The Arab Spring is over. Welcome to the Jihadi Spring.
Across a huge swath of what, up until recently, had been known as Iraq and Syria, a transnational movement of Sunni Islamic extremists has taken control. The Islamic State of Iraq and Syria (ISIS) has conquered -- without much effort -- Mosul, Iraq's second largest city, along with most of the province of Nineveh. It's also taken Tikrit, Saddam Hussein's hometown. Along the way it has ransacked banks (to the tune of hundreds of millions of dollars), pillaged weapon stockpiles (including the stuff we left behind for the Iraqi army), and recruited ever more fighters from Iraq, Syria and abroad.
ISIS started out as an al-Qaeda franchise, but in 2011 it broke off to become an independent dealer of Islamist mayhem. If anything, it is more extreme than al-Qaeda -- though that fine distinction probably means little to the Shiites and Christians it slaughters.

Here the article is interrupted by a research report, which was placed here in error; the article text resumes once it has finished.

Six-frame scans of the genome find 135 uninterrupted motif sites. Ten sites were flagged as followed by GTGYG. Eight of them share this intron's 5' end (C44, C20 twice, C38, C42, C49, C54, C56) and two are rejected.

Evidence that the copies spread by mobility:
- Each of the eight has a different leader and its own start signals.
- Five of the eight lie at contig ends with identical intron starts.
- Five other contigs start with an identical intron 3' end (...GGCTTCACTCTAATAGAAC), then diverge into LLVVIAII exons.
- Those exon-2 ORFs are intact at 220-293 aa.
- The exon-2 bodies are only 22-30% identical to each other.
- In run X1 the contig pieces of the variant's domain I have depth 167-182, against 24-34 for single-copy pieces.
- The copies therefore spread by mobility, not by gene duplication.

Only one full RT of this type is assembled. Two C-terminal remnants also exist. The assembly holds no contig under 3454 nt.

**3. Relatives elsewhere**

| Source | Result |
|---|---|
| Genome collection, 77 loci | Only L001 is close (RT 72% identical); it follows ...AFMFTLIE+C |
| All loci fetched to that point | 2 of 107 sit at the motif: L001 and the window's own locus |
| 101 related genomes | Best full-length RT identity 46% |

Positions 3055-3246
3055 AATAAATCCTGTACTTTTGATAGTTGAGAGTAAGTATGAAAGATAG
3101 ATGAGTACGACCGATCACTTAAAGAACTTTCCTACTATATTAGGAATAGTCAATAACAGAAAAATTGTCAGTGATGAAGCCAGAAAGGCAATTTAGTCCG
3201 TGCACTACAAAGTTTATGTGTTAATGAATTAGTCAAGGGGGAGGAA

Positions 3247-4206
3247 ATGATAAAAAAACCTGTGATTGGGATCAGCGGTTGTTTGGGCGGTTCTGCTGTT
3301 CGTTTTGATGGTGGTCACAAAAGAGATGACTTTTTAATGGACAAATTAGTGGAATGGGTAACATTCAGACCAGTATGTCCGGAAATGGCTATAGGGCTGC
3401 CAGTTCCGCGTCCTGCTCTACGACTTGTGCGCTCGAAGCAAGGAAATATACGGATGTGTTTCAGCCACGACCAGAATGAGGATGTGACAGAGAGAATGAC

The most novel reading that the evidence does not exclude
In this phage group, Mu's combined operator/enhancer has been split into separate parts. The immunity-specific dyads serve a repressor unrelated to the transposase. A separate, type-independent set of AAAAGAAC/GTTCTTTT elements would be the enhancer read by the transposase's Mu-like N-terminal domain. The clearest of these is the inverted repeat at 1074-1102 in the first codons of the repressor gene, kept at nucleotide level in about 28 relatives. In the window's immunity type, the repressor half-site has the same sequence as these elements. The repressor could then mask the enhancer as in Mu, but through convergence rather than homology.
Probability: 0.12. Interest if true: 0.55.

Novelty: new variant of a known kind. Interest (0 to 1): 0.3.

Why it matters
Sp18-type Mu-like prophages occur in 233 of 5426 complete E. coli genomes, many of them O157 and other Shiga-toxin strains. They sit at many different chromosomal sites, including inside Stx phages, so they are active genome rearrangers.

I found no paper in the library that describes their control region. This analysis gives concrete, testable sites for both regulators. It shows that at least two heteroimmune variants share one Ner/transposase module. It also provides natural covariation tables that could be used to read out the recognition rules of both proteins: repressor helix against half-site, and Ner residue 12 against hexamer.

Sunday in Pakistan, Taliban militants attacked the airport in Karachi, the country's busiest and most important travel hub. They followed up with an attack on an airport security-training facility, showing that there was no area of Pakistan it could not threaten. Prime Minister Nawaz Sharif came into office seeking an accord with the Taliban. But the Taliban won't abandon its key objective: a total Islamist state. After the attacks, most observers think Sharif will have little choice but to unleash the army on the insurgents.
Late last month, President Obama announced at West Point that we are definitely leaving Afghanistan, period. That period took the form of a prisoner swap in which we essentially gave back five top Taliban commanders. Meanwhile, al-Qaeda linked and inspired groups are on the rise in Nigeria, Yemen, the Philippines, Libya and elsewhere.
The good news is that the administration has a policy to deal with the Jihadi Spring. The bad news is that it looks to be the same policy it had for the Arab Spring: nothing.
Nothing, that is, beyond casting lots of words and Twitter hashtags into the air like so many magic beans that will sprout into peace and security wherever they find purchase.
That's the hitch. This administration's words don't have much traction around the world, or at least where it matters. (He's still popular in Belgium!)